Monday, October 28, 2013

Scaffolding Students: Tips and Strategies

Created by: Ryan Los, Graduate Associate and Katie Barnett, Tech Fellow for the Center for Teaching and Learning
When prompted with a question by a student, instructors find themselves debating the correct way to respond to ensure that they are not spoon-feeding the answers to their students. It can be difficult to find an effective way for students to learn and retain new information without visualizing the procedure. The process of scaffolding can be an effective way to satisfy instructor and student, as well as increasing the chance that the student will retain the concept. 

What is Scaffolding?

Scaffolding is a process where the instructor helps the student master a task or concept that the student is initially unable to grasp independently. The instructor will offer assistance with only those skills that are beyond the student’s capability. For instance, when an instructor is met with a student that is struggling on a certain problem, the instructor will incrementally walk the student through the task, step by step. Next, the student will follow along and complete the process unassisted (it is vital to allow the student to complete as much of the task unassisted). After the student completes the process, the instructor may create a simple saying or acronym in an effort to assist the student’s memorization. As the student begins to master the concept, the fading process begins where the instructor steps back and allows the student to work independently. The final step of the scaffolding process involves the student assisting another student, this allows the student to think through the process again and verbalize the steps in a manner in which others can understand and in turn permits the student a further in depth understanding of the concept.

Why is scaffolding important?

            Scaffolding is important because it assists students’ learning/acquiring new knowledge largely on their own, with specific cues from instructors; rather than instructors simply giving their students the complete answer. This method helps students retain and master the information as well as offering them the confidence that they can complete the task independently.


            Converting your teaching style to utilize a scaffolding approach:
·         Identify major assignments and create scaffolding for each.
·         Write a brief description of each assignment.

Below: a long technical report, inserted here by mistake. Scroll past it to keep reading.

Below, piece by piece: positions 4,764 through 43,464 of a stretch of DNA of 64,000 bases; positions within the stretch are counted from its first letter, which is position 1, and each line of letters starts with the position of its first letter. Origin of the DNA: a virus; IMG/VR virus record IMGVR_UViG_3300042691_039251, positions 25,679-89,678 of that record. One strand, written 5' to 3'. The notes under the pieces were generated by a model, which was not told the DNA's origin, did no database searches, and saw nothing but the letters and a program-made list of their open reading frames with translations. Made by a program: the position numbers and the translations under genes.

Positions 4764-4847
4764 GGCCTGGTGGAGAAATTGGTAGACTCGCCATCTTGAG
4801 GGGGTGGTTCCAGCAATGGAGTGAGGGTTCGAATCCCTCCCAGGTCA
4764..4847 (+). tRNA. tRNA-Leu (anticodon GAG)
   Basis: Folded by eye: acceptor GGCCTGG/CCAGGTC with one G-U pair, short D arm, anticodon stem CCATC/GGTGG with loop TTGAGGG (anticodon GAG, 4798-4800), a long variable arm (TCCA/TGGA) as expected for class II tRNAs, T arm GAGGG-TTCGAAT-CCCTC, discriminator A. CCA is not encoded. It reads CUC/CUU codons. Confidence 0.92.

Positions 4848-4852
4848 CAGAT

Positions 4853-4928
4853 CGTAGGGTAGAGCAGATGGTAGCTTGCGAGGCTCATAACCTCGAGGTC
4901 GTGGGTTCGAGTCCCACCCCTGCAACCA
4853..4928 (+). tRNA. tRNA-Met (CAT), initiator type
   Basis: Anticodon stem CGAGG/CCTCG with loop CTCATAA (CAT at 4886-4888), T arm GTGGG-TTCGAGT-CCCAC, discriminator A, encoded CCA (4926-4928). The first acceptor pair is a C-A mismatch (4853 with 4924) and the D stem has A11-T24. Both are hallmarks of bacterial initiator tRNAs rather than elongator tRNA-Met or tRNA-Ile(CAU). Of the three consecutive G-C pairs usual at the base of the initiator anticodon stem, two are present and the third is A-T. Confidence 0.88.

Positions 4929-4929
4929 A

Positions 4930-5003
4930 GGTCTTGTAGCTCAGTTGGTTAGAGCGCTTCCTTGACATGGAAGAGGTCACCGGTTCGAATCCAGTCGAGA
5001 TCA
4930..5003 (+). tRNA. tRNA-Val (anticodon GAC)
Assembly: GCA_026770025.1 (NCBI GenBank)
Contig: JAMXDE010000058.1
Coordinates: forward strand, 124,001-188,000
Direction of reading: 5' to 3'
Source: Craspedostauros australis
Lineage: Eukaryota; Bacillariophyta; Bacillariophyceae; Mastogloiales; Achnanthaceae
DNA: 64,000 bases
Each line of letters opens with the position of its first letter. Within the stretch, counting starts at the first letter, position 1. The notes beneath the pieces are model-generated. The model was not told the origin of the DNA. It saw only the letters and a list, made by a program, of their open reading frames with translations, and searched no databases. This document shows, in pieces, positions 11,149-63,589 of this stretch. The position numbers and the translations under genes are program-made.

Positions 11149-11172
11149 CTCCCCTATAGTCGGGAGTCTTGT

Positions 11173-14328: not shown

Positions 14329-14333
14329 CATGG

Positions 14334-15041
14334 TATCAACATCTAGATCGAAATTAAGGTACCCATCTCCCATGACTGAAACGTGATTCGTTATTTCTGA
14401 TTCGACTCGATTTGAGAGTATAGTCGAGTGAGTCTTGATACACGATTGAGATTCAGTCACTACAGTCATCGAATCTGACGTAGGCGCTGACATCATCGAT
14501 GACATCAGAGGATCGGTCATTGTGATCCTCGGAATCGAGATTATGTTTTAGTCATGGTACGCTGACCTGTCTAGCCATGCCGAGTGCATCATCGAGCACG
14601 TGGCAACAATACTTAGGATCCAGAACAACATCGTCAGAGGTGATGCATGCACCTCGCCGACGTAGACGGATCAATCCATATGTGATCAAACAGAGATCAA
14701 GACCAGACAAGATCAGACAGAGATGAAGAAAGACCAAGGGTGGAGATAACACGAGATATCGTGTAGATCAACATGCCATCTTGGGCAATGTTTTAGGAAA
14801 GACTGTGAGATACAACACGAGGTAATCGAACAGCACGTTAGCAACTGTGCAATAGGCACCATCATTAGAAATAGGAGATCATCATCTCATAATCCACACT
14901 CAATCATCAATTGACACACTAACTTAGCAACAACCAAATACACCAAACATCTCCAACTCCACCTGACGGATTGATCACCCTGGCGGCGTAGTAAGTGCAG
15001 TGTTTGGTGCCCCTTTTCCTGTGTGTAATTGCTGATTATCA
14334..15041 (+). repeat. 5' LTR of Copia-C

·         Understand what prerequisite skills are necessary for students to have.
·         Determine whether these prerequisite skills are reasonable for students to have already mastered prior to the assignment.
·         Create a map or outline of how each assignment is to be completed.
·         Be transparent about how you designed their learning experiences, in an effort to work together.
1.      Use visual aids: Graphic organizers, pictures, and charts can help students visually represent their ideas, organize information, and grasp concepts (these may guide student thought so that they can apply it). Examples shown here:
2.      Show and tell: Demonstrate to students exactly what they are expected to do.
3.      Tap into prior knowledge: Ask students to share their own experiences and ideas about the content and have them connect it to their own lives.
4.      Give time to talk: Allow students time to verbally make sense of learning with other students who are also engaged in the same experience.

1.      Task definition
2.      Model performance while thinking out loud
3.      Specification and sequencing of activities
4.      Provide cues, hints, guides and structures
5.      Fade when appropriate

Scaffolding is a great way to break up the learning into chunks and provide a tool or structure for each chunk. Overall, this teaching style works effectively and helps struggling students learn and retain information without instructors simply giving students the complete answers. Scaffolding requires the students to think through the process independently so that they are able to complete it again when the instructor is not present.


Alber, R. (2011). edutopia: Six Scaffolding Strategies to Use with Your Students [Website]. Retrieved from

Caruana, V. (2012). Faculty Focus: Scaffolding Student Learning: Tips for Getting Started [Website]. Retrieved from
Lipscomb, L., Swanson, J., & West, A. (2012). Perspectives on Learning, Teaching and Technology [Website]. Retrieved from

Saskatoon Public Schools. (2013). Instruction Strategies Online [Website]. Retrieved from

The University of Waterloo. (2012). Using visual aids [Website]. Retrieved from

No comments:

Post a Comment